School examinations do little to test deep understanding, blight the secondary curriculum, cause students great anxiety, pervert the job of teaching, and favour families who can manipulate admission arrangements. Why is it that despite these defects, we cling to an institution which may have been all the rage in the 1860s but has been under fire in every generation since? The first chapter looks at problems raised about the examination system from philosophical, curricular, psychological, pedagogical, and political points of view. The second explains why such a flawed institution not only still exists, but has become more entrenched than ever. It traces the British story back to opposition in the mid-nineteenth century to the patronage method of allocation to good jobs and its replacement by something more impartial. School examinations remained the preserve of an elite until 1944, and others were deliberately prevented from taking them. In our more democratic age we assume they are for everybody. But are they as egalitarian as they seem?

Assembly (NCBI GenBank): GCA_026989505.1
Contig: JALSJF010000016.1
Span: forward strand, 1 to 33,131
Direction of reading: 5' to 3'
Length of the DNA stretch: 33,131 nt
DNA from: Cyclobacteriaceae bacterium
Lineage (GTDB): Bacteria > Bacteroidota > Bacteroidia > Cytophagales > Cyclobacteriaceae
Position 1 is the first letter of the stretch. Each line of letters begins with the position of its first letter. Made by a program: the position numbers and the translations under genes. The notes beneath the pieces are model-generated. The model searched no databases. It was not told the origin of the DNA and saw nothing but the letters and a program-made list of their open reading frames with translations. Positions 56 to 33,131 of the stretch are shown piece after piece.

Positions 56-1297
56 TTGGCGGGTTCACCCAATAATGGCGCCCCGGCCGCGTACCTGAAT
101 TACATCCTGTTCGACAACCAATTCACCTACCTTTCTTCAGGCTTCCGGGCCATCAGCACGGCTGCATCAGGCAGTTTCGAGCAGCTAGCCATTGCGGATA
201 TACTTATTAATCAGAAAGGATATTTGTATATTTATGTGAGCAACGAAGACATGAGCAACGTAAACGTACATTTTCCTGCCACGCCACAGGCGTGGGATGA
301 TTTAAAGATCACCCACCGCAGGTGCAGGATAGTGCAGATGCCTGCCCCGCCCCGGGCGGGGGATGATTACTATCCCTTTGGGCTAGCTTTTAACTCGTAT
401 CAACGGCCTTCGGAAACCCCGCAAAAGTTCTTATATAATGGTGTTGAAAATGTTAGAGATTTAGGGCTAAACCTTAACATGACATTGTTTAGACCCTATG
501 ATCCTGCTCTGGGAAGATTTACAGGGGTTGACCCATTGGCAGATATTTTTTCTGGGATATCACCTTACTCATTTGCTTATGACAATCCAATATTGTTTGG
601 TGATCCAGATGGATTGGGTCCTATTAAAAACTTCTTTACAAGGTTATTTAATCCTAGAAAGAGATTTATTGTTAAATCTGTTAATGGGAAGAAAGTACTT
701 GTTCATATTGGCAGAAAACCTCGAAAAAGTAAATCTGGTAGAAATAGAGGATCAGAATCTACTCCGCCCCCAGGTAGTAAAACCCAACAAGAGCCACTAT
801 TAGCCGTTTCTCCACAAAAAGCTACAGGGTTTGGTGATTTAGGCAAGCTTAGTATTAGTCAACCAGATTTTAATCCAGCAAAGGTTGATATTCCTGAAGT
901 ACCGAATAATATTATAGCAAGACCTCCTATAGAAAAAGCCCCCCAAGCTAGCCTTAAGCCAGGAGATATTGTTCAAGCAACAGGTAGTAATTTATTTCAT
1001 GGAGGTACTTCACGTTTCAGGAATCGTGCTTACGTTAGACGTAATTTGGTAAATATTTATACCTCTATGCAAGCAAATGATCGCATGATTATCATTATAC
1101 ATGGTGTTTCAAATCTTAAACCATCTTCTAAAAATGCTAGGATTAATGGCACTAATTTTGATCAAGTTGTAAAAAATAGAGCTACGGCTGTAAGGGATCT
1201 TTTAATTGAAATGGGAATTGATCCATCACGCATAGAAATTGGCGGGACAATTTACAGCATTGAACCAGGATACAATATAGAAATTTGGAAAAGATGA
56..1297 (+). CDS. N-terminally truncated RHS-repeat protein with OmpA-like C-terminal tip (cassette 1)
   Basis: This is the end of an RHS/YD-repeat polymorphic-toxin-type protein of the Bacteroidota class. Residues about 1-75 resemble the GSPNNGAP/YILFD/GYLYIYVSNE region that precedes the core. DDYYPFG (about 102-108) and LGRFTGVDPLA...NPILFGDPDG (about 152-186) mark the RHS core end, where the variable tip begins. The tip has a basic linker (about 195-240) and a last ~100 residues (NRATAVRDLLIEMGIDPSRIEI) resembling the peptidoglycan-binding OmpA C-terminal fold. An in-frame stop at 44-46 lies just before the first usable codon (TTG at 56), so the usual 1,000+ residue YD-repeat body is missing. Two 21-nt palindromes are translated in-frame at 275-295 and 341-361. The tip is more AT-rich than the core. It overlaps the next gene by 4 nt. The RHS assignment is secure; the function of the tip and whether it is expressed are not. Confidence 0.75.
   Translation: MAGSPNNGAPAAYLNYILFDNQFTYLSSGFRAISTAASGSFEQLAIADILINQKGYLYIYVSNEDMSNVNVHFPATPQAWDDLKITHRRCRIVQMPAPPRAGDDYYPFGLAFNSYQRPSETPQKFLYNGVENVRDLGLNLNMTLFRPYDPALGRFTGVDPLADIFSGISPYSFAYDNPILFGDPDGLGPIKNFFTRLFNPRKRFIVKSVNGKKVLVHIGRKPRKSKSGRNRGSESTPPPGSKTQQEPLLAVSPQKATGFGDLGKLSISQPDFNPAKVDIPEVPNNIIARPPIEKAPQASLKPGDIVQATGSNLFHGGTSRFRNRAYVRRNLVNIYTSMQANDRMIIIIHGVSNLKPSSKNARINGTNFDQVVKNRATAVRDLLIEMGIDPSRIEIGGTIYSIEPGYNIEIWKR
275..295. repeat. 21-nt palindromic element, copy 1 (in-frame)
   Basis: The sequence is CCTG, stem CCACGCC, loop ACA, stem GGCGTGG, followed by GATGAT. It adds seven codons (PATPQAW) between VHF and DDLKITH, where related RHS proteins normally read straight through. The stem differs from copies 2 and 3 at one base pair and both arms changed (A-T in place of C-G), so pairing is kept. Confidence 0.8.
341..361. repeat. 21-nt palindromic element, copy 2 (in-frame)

Are we now heading towards the 'examination hells' of China and other East and South Asian countries, just as those countries are looking for ways to extricate themselves from this straitjacket? The final chapter of the book examines alternatives. This book is essential reading for teachers, policy-makers, and students of assessment and curriculum studies.